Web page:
Posts for tag: periodontal disease

By Mission Hill Dental
November 18, 2019
Category: Oral Health

How healthy are your gums? They could be trying to tell you something.

You might not realize it, but lurking within your mouth is bacteria capable of causing gum disease. Daily flossing, twice-a-day brushing, and regularly visiting our Canyon Lake, TX, dentist, Dr. Horacio Lucero, twice a year for cleanings can all greatly reduce your risk for gum disease, as well as detect any problems early on before they cause serious and irreversible problems for your teeth and gums.

So, what are some of the warning signs and symptoms of gum disease to be on the lookout for?

  • Inflamed gums: Healthy gums are naturally pink, but gums affected by gum disease are often red, swollen, and puffy. This is because plaque releases toxins that can irritate the gums and eventually lead to gingivitis. Inflamed gums are usually the very first sign that something is wrong. Gums may also be tender to the touch.
  • Bleeding gums: Are you noticing blood in the sink after flossing and brushing? If so, this is another sign that your gums may not be as healthy as you think. If you haven’t been flossing and suddenly start up again you may notice a little tenderness or bleeding; however, this problem shouldn’t persist. If your gums bleed often when you brush and floss, then it’s time to turn to our Canyon Lake, TX, general dentist for a checkup.
  • Teeth that look longer than usual: Receding gums is another sign of gum disease. As the gums recede, more of your teeth will become uncovered. If your teeth suddenly look longer than they usually do, then you could have gum disease.
  • Persistent bad breath: There are many reasons for unexplained chronic bad breath, and gingivitis is just one of the common causes. If you are dealing with foul breath despite good oral hygiene, then it might be time to see your dentist.
  • Pus between your gums: As gum disease progresses, pockets of infection begin to develop within the gums. These infected pockets will then grow, causing gums to pull away from the teeth. Over time, pus or fluid may buildup between the teeth and the gums. If you notice pus or an abscess, you need to seek immediate dental care.

Concerned? Give us a call

Mission Hill Dental is dedicated to providing comprehensive dental care to patients living in and around Canyon Lake, TX. Whether you are experiencing symptoms of gum disease or you just need to schedule your routine dental cleaning, don’t hesitate to call our office today at (830) 625-7322.

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Periodontal (gum) disease is a serious infection that can damage more than periodontal tissues — supporting bone structure is also at risk. Any bone loss could eventually lead to tooth loss.

To stop it from causing this kind of damage, we must match this disease's aggressiveness with equally aggressive treatment. The various treatment techniques all have the same goal: to remove bacterial plaque, the source of the infection, from all oral surfaces, including below the gum line. Buildup of plaque, a thin film of food particles, after only a few days without adequate brushing and flossing is enough time to trigger gum disease.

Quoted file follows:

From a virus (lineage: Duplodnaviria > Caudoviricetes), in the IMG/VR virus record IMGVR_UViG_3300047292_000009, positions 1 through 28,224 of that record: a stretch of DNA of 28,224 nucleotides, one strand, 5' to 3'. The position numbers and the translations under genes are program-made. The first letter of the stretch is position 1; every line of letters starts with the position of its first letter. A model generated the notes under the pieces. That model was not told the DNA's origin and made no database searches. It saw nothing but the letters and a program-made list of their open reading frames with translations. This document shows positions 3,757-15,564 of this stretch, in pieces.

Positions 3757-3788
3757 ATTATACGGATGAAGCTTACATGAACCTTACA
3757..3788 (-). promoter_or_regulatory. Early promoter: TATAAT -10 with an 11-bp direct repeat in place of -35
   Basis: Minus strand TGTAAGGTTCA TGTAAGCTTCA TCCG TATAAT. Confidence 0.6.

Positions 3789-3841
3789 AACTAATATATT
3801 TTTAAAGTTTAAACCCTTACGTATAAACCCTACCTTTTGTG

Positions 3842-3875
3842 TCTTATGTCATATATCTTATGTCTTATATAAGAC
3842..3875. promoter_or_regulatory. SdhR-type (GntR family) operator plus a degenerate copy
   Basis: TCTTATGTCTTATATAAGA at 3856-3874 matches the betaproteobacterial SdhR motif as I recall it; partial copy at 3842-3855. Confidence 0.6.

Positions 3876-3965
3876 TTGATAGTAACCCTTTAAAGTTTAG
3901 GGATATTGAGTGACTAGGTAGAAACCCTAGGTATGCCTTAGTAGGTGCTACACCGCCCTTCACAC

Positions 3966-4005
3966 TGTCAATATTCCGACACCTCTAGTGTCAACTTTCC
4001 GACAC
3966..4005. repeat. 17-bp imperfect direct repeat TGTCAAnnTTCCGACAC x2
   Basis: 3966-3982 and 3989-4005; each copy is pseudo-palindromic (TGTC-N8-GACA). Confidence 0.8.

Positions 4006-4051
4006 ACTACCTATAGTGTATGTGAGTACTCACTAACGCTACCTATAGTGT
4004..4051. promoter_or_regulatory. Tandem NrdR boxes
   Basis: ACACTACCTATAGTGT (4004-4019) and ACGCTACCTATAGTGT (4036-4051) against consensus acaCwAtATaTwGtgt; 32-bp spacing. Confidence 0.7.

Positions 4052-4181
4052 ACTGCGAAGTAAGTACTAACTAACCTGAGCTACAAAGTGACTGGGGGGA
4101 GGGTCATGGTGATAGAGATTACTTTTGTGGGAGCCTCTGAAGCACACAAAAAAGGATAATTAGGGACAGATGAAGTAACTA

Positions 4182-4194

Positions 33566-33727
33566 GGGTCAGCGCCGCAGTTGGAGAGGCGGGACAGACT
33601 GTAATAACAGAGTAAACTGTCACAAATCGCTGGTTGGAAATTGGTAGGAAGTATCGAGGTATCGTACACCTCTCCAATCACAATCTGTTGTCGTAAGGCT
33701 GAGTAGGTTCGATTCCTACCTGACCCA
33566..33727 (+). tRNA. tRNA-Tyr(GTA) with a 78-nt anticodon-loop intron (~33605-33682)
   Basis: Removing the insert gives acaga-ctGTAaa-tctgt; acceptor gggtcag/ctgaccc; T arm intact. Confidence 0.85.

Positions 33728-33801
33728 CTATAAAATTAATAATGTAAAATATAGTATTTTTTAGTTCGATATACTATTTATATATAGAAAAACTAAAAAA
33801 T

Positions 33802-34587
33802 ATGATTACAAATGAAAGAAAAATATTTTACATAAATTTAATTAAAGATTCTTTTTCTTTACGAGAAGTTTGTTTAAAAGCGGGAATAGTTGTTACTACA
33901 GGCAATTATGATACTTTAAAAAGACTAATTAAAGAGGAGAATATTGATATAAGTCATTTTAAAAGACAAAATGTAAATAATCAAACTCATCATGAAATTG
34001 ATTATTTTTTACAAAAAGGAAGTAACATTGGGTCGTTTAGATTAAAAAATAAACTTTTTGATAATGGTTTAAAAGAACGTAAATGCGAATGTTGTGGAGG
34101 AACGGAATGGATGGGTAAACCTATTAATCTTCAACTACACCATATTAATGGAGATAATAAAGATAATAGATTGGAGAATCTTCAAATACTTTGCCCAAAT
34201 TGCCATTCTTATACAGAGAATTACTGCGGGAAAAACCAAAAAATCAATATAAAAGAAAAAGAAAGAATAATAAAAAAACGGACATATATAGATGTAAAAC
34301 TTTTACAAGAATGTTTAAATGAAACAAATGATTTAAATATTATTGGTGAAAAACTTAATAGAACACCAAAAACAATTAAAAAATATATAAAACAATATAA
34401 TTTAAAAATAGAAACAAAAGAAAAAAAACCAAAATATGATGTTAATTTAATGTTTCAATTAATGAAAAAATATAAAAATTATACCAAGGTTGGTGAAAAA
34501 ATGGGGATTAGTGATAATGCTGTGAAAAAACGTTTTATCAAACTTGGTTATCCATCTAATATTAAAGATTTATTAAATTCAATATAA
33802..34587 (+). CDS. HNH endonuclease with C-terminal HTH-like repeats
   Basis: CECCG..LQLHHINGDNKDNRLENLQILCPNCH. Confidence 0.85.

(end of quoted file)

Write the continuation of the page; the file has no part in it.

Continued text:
The basic removal technique is called scaling, using hand instruments called scalers to manually remove plaque and calculus (hardened plaque deposits) above or just below the gum line. If the disease or infection has advanced to the roots, we may use another technique called root planing in which we shave or “plane” plaque and tartar from the root surfaces.

Advancing gum disease also causes a number of complex problems like abscesses (localized infections in certain areas of gum tissue) or periodontal pockets. In the latter circumstance the slight normal gap between tooth and gums becomes deeper as the tissues weaken and pull away. This forms a void or pocket that fills with inflammation or infection that must be removed. Plaque buildup can also occur around furcations, the places where a tooth's roots divide off from one another.

It may be necessary in these more complex situations to perform a procedure known as flap surgery to gain access to these infected areas. As the name implies, we create an opening in the gums with a hinge, much like the flap of a paper envelope. Once the accessed area has been cleansed of plaque and infected tissues (and often treated with antibiotics to stop further infection), the flapped tissue is closed back in place and sutured.

To avoid these advanced stages it's important for you to see us at the first sign of problems: swollen, red or bleeding gums. Even more important is to reduce your risk for gum disease in the first place with dedicated daily brushing and flossing to remove plaque and regular dental visits for more thorough cleaning.

Gum disease can be devastating to your long-term dental health. But with diligent hygiene and early aggressive treatment you can stop this destructive disease in its tracks.

If you would like more information on treating gum disease, please contact us or schedule an appointment for a consultation. You can also learn more about this topic by reading the Dear Doctor magazine article “Treating Difficult Areas of Periodontal Disease.”